For example, if a person was making repayments of £15,000 annually, a lender would typically need the rental income to be at the very least £18,750 to accept such an application.
Criteria for Getting a Buy-to-Let Mortgage
When it comes to banks and building societies in the UK, there are different criteria that a person needs to meet to be considered for buy-to-let mortgages. Whilst the precise criteria will vary from lender to lender, here are some of the most commonly cited by mortgage lenders:
- Minimum age of at least 25 years old
- A minimum income: usually at least £25,000 annually
- A cap on the amount it is possible to borrow
- A cap on number of buy-to-let loans a borrower can take out (usually up to three)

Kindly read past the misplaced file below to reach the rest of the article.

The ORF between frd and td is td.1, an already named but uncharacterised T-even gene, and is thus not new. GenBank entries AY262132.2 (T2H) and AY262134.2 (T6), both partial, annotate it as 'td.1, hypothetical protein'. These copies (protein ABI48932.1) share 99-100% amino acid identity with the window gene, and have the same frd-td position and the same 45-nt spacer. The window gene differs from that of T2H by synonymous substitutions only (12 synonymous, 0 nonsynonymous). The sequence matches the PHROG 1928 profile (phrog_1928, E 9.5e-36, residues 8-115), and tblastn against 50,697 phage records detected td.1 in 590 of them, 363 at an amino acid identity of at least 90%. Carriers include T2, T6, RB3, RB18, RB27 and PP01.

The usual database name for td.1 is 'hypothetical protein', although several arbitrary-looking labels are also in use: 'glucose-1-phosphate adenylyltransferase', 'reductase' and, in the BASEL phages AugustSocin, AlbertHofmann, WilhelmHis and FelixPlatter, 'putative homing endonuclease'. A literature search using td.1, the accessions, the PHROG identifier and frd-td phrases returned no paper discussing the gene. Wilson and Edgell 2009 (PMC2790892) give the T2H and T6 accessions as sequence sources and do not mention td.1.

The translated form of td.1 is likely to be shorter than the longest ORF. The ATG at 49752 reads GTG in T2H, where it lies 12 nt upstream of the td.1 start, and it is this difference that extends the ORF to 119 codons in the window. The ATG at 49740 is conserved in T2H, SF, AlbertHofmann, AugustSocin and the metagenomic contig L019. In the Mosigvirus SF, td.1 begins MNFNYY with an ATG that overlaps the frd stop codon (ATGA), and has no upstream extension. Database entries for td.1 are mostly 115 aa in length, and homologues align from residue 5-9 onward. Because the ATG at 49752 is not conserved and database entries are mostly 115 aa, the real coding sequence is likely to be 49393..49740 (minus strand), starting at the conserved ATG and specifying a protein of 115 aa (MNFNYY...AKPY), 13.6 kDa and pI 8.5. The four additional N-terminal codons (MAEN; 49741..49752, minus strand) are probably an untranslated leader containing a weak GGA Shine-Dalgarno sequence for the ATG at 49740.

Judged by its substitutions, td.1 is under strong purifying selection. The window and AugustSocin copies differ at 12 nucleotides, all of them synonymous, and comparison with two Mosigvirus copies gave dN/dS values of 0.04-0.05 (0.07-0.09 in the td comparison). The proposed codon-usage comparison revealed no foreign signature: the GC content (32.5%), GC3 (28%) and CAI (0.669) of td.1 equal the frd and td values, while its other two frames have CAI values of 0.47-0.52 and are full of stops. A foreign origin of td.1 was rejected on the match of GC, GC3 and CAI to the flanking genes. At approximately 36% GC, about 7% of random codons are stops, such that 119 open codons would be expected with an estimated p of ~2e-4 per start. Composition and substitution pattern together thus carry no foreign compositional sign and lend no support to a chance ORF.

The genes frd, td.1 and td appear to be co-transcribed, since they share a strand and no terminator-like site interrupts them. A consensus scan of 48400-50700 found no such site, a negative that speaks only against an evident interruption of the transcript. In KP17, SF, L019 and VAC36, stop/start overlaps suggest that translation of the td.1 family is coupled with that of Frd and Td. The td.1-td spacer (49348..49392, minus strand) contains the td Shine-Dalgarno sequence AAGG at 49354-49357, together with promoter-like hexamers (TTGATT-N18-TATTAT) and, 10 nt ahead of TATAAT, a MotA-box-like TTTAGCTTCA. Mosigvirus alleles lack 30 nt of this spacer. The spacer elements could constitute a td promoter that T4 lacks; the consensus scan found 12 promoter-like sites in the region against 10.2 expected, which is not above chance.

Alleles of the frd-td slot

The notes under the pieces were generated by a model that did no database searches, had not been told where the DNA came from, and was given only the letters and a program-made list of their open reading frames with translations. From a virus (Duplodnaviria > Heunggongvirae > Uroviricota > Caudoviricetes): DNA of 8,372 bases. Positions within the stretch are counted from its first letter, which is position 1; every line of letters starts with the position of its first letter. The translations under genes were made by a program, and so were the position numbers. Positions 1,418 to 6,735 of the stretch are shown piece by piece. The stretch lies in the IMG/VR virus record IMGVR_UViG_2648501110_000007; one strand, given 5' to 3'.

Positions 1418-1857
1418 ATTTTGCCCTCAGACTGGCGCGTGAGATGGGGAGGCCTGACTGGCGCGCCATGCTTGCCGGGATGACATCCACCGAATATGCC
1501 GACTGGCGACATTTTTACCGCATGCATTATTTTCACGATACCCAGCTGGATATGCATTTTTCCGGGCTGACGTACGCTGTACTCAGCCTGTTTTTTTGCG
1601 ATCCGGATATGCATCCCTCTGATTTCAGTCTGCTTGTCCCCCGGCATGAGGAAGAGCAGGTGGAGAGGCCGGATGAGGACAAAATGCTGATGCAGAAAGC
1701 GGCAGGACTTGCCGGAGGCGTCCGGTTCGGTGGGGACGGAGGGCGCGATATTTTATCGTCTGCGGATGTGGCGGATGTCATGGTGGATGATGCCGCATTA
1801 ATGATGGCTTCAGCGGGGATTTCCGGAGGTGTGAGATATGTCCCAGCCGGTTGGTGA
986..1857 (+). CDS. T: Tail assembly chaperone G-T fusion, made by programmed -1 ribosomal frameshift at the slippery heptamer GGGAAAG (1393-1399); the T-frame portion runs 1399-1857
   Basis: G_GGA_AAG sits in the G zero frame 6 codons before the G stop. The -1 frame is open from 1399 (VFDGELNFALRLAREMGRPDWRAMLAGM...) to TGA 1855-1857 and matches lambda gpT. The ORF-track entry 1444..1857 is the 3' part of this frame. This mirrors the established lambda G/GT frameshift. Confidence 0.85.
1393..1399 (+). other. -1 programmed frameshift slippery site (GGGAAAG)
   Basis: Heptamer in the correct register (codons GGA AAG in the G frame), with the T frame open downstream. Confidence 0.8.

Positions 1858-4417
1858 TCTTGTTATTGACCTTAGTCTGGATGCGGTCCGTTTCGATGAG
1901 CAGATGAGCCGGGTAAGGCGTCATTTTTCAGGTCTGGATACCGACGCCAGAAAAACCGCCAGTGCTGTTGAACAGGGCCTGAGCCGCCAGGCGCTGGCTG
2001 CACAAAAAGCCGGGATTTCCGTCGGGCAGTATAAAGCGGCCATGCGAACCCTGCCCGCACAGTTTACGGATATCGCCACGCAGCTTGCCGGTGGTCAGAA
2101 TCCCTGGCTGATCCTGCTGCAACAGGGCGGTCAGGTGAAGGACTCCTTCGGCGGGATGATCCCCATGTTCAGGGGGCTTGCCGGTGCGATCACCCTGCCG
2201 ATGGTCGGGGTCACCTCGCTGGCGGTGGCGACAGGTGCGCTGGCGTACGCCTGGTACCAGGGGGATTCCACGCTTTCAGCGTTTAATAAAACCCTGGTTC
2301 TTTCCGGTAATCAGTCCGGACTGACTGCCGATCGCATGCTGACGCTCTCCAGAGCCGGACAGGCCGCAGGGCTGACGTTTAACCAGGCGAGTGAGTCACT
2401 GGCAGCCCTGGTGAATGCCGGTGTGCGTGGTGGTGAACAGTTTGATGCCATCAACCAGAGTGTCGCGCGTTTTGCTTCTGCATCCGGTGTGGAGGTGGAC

Buy-to-Let Loans as Interest Only Mortgages
It is worth remembering that the majority of buy-to-let mortgages are interest only. This means that each month the borrower will only pay the interest and will then clear the capital debt at a later date once the property has been sold.
Interest-only mortgages have a number of advantages for people looking to purchase buy-to-let properties:
- It is possible to offset a proportion of the mortgage interest against tax bills
- They can end up being cheaper (on average, usually £360 per month, compared to an estimated £770 each month for a residential mortgage) than other mortgages available
Nevertheless, if a person is considering acquiring a buy-to-let mortgage they should be confident that they will able to keep up repayments even in the worst-case scenario, such as if tenants are unreliable and fail to pay on time if at all, or if the property ends up vacant for a period of time. Not properly preparing for all eventualities may end up with the borrower’s property repossessed if mortgage repayments aren’t repaid.